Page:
NBC New York also decided to put commercially available CBD products to the test, and the results did not look good. Their investigative team tested three brands of CBD oil and four brands of gummies, purchasing five samples of each brand. They tested them at a third-party lab, and found that less than half of the samples tested actually had the stated amount of CBD inside the product, that one brand had no CBD whatsoever in their product, one brand contained a pesticide that exceeds California’s acceptable standards, and shockingly, another had four times the amount of lead (!) than is allowed by the FDA.
Because this whole space is so new, most people don't even realize that there are certain red flags or things to look for when shopping for a safe, high-quality, and pure CBD product. How do you ensure that what you're putting on or in your body is actually legit—or even safe?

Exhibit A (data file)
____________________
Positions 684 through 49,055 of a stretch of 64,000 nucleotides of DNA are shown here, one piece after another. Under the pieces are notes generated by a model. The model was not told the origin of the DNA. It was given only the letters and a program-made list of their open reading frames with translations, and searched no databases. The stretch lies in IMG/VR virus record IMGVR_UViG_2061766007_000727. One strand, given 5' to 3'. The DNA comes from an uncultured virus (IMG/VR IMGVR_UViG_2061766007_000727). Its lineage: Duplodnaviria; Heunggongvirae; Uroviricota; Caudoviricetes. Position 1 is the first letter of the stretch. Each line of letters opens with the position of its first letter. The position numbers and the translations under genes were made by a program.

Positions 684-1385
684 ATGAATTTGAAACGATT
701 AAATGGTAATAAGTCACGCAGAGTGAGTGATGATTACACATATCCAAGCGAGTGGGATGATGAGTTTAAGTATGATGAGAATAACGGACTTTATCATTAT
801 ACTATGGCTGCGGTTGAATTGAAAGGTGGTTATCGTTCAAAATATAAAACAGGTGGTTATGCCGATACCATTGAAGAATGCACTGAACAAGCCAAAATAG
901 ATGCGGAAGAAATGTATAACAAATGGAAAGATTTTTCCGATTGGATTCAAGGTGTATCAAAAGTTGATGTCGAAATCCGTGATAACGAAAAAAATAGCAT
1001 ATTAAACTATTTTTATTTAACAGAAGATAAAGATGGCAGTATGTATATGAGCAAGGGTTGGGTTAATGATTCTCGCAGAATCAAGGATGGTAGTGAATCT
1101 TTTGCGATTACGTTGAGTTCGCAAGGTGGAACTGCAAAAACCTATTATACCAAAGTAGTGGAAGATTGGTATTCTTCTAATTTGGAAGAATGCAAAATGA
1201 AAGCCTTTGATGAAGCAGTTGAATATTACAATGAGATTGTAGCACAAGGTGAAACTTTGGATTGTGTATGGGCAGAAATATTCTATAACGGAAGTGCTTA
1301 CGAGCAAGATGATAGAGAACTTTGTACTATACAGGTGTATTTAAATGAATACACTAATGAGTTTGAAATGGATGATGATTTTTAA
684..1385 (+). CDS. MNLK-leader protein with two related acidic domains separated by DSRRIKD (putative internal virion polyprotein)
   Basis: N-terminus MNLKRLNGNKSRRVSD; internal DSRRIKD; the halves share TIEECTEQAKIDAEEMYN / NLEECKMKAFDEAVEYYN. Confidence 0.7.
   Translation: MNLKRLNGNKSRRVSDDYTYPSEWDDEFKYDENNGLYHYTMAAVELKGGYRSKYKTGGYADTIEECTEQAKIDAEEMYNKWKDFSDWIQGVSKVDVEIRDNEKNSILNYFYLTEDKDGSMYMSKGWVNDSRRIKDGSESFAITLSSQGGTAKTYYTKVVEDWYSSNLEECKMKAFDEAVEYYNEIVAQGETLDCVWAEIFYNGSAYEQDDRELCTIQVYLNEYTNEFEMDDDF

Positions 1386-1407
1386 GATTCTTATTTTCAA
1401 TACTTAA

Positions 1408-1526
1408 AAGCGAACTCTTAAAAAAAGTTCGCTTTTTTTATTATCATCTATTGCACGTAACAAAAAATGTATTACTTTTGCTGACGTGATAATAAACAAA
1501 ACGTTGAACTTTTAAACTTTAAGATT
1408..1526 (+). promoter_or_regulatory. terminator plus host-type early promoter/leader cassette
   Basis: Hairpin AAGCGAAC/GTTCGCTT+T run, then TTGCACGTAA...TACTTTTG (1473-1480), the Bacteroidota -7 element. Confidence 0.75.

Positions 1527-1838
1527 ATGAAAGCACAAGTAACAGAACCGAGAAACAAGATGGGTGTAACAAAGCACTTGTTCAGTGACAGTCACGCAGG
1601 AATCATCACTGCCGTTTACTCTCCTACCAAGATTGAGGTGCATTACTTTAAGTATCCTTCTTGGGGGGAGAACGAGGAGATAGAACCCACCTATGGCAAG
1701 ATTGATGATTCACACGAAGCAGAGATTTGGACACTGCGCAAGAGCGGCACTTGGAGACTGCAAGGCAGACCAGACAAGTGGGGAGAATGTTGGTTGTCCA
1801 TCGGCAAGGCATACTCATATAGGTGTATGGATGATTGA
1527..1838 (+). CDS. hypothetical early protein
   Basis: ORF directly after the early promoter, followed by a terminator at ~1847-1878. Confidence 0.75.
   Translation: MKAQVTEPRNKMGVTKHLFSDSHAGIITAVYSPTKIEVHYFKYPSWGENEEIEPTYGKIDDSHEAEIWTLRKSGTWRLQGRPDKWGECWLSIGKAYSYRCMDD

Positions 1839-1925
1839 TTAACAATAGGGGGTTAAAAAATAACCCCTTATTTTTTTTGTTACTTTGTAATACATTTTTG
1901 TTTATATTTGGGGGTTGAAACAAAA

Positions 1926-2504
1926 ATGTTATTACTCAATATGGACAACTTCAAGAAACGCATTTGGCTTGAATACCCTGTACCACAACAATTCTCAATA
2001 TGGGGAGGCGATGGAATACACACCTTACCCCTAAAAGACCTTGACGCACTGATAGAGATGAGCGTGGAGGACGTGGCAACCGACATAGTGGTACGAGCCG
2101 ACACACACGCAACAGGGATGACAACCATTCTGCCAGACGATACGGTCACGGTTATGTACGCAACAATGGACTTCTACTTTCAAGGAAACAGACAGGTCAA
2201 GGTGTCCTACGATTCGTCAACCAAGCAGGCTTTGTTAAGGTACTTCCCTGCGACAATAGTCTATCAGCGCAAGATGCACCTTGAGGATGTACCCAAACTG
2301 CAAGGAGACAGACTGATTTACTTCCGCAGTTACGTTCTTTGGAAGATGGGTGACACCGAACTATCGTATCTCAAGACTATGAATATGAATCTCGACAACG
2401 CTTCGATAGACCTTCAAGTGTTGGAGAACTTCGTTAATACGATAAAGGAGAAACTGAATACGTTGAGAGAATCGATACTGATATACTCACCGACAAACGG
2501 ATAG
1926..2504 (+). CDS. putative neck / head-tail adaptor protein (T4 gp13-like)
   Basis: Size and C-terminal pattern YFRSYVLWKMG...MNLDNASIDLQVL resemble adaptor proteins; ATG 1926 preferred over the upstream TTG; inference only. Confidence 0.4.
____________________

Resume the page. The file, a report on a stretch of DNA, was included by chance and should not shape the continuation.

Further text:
First things first, don't panic. Here, some of the most credible resources within the cannabis industry lend their expertise on how to safely buy CBD—because, without regulation in place, you essentially have to do the "regulating" yourself. Here's what you should look for, what to avoid, and everything you should know while shopping for CBD.
Buy from the Right Brands
In the cannabis space, getting to know the brand legitimately matters. Fortunately, many companies are doing their part by being transparent and giving consumers the info they need.
"The key differentiator [when it comes to buying safe and reliable CBD] is getting to know the brand," said Kiana Reeves, founder of Foria Wellness (which makes some amazing cannabis products for sexual health). "When you start investigating any cannabis, CBD, or wellness company, look into how much they know, how much information they're putting out—not just transparency and ingredients, but forward-thinking [practices]."